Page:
The Centers for Disease Control and Prevention are currently recommending postponing gatherings to help slow the spread of Coronavirus (COVID-19). For business owners, the COVID-19 pandemic will affect their business’s bottom line in many ways, including a big hit to their supply chain. Whether you’re importing materials from China or elsewhere around the globe, most procurement professionals will notice an impact sooner or later.
According to a poll conducted by the National Federation of Independent Business, 23% of small businesses are already experiencing a negative impact from the current pandemic – and of those who aren’t, about half expect to soon.
In short, the COVID-19 pandemic will have serious, lasting effects on the global supply chain for months or even years. Here are some of the challenges to expect and how your company can prepare to persevere.
Supply shortage and price increases
Logistical challenges routing supplies through affected areas can lead to higher demand and lower supply – and that means increased prices. You can expect unpredictable supply levels, and some price hikes on materials regardless of industry. Prepare for these issues by planning ahead and budgeting to pay more for your most essential supplies. Evaluate your current supply levels and order trends, and decide what you can do without restocking for a while. In addition, membership to a group purchasing organization (GPO) will pay off in terms of finding the best pricing and negotiating with vendors during uncertain times. If money is already tight, look for a GPO that’s supported by supplier fees and free for members.
Travel might be restricted or discouraged for some time, limiting companies’ ability to source out new suppliers for key parts of the supply chain. This could be especially bad news if a crucial supplier is impacted by the pandemic to the point of no longer being a reliable partner for your company. In this case, you will have to replace that partner either for the short-term or indefinitely. Unfortunately, it can be tough to discover and evaluate new potential partners with international or even domestic travel restricted. If you do need to replace a supplier, start your search by checking with the manufacturer for recommendations. Try tapping industry peers’ knowledge and experience. Belonging to a GPO can also help in this area by connecting you with trusted suppliers who already have pricing agreements in place.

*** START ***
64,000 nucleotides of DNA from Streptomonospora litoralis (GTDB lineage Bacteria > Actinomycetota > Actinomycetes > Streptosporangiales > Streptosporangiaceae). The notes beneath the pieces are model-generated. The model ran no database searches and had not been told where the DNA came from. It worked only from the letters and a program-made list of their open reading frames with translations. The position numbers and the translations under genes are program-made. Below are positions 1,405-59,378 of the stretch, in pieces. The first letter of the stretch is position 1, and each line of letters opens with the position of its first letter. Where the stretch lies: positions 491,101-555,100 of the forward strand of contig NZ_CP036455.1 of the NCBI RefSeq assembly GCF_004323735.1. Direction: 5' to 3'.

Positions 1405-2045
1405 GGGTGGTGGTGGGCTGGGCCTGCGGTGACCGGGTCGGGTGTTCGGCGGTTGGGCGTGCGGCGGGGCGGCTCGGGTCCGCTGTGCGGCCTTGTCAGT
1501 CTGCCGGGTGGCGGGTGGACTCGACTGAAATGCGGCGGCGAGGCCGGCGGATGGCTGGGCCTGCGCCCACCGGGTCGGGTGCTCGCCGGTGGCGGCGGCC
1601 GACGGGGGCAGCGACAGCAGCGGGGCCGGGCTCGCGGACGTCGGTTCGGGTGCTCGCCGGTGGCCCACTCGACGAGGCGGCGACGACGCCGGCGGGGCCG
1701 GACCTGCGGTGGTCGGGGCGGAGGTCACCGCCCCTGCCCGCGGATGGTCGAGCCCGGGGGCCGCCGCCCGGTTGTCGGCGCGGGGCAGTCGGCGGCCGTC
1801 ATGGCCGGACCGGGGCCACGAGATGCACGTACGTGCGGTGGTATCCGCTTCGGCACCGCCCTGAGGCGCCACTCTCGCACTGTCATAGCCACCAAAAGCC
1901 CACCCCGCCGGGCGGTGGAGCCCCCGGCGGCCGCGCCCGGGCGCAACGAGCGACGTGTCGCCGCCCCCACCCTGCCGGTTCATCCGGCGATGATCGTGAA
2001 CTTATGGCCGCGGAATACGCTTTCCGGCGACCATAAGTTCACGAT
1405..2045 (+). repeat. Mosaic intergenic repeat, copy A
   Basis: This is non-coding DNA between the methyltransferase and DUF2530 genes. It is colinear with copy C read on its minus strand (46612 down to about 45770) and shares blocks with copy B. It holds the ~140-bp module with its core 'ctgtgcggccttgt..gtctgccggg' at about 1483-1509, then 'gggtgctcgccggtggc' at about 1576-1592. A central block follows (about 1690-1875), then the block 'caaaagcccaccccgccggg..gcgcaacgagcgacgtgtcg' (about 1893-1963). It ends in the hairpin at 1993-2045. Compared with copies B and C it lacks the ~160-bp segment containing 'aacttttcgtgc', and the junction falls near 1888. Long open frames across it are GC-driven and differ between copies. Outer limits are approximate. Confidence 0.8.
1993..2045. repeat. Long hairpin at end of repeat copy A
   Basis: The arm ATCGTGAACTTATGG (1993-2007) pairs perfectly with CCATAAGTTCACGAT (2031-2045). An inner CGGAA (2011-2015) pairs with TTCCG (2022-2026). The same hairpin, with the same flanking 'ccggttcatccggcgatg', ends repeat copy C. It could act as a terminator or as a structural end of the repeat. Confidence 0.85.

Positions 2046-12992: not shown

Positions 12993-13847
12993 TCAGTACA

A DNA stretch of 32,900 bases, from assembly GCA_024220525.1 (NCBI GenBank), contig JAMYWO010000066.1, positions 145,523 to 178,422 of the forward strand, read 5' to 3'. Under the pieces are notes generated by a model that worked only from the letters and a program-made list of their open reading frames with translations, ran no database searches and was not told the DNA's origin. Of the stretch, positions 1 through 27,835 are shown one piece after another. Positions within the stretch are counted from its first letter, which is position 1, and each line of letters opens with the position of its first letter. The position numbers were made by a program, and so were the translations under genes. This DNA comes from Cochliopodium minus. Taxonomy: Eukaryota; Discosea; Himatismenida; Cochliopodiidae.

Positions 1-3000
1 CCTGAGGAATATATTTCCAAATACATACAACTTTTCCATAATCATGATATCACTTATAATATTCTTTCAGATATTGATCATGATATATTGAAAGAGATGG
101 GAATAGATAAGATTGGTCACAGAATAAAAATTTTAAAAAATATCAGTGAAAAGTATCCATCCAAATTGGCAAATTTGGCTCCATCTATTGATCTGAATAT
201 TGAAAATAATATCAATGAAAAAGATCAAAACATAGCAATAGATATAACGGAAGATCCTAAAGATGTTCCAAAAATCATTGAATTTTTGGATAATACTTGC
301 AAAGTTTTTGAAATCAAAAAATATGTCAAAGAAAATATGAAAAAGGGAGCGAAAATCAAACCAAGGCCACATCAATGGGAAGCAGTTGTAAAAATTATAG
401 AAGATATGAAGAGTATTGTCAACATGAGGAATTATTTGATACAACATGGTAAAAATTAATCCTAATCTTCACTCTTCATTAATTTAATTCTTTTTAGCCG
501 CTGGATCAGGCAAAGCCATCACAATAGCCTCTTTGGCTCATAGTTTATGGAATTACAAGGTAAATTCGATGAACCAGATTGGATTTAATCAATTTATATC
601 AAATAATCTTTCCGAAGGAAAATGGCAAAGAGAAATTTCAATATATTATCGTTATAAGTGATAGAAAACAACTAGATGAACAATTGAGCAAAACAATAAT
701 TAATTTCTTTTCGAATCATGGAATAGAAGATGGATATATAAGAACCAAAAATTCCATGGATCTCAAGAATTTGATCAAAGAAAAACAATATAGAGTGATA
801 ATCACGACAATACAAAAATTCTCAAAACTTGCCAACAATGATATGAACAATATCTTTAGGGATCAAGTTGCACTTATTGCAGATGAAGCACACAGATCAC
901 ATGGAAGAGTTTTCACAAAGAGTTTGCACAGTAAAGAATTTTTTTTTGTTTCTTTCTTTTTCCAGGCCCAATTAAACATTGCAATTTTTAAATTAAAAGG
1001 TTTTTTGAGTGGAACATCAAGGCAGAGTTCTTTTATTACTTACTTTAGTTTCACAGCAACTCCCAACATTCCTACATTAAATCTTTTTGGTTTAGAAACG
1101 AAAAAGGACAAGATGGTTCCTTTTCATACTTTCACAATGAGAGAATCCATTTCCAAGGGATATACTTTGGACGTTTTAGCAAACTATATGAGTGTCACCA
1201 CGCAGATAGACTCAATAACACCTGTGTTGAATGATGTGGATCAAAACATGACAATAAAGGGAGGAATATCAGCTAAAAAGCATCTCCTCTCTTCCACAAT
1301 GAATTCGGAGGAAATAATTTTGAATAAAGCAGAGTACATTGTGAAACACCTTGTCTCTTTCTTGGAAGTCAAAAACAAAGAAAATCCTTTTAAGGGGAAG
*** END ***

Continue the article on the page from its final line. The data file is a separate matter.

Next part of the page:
A pandemic of this magnitude will continue to impact hubs around the world, and therefore the transportation of physical materials. Even if you are able to find reliable suppliers, getting orders to your location will be a challenge in itself. You or your suppliers might be able to find alternative routes or methods of transportation, but you can expect delayed delivery on many of your orders. When you place orders, plan ahead for an increased lead time when possible and increase order quantities to last you longer between orders. In addition, maintain transparency with your customers and communicate whether they should expect delays or service interruptions as a result of supply chain disruptions.
While COVID-19 is not considered extremely dangerous for most of the population, quarantine and distancing measures will affect large numbers of people even if they’re not infected. Companies around the world will see their labor force impacted to varying degrees. Many employers have asked all employees who can work from home to do so. In-person meetings and visits to suppliers will have to be minimized or stopped completely for a while. Luckily, you likely have established communication channels that can accommodate your procurement process. Strengthen your communication with key suppliers during this time. If you don’t have the right tools and technology in place to facilitate that communication, it’s a good time to consider investing in them.
Step back and evaluate your 3 Ps
A silver lining is that global supply chain disruptions like a pandemic virus force businesses to look critically at their procurement process. Your process, people and paperwork will likely all be affected by the current situation. In a Johns Hopkins University interview, business operations professor Goker Aydin said, “A resilient supply chain must be able to detect early warning signs of a disruption and it must respond by shifting production to alternative sources.”
How quickly did your company identify and respond to procurement challenges caused by the COVID-19 outbreak? If your ability to respond was less than ideal, take the lessons learned and build your supply chain resiliency for future issues. Next steps for your organization could be to develop a documented crisis management plan and begin to diversify your supply base.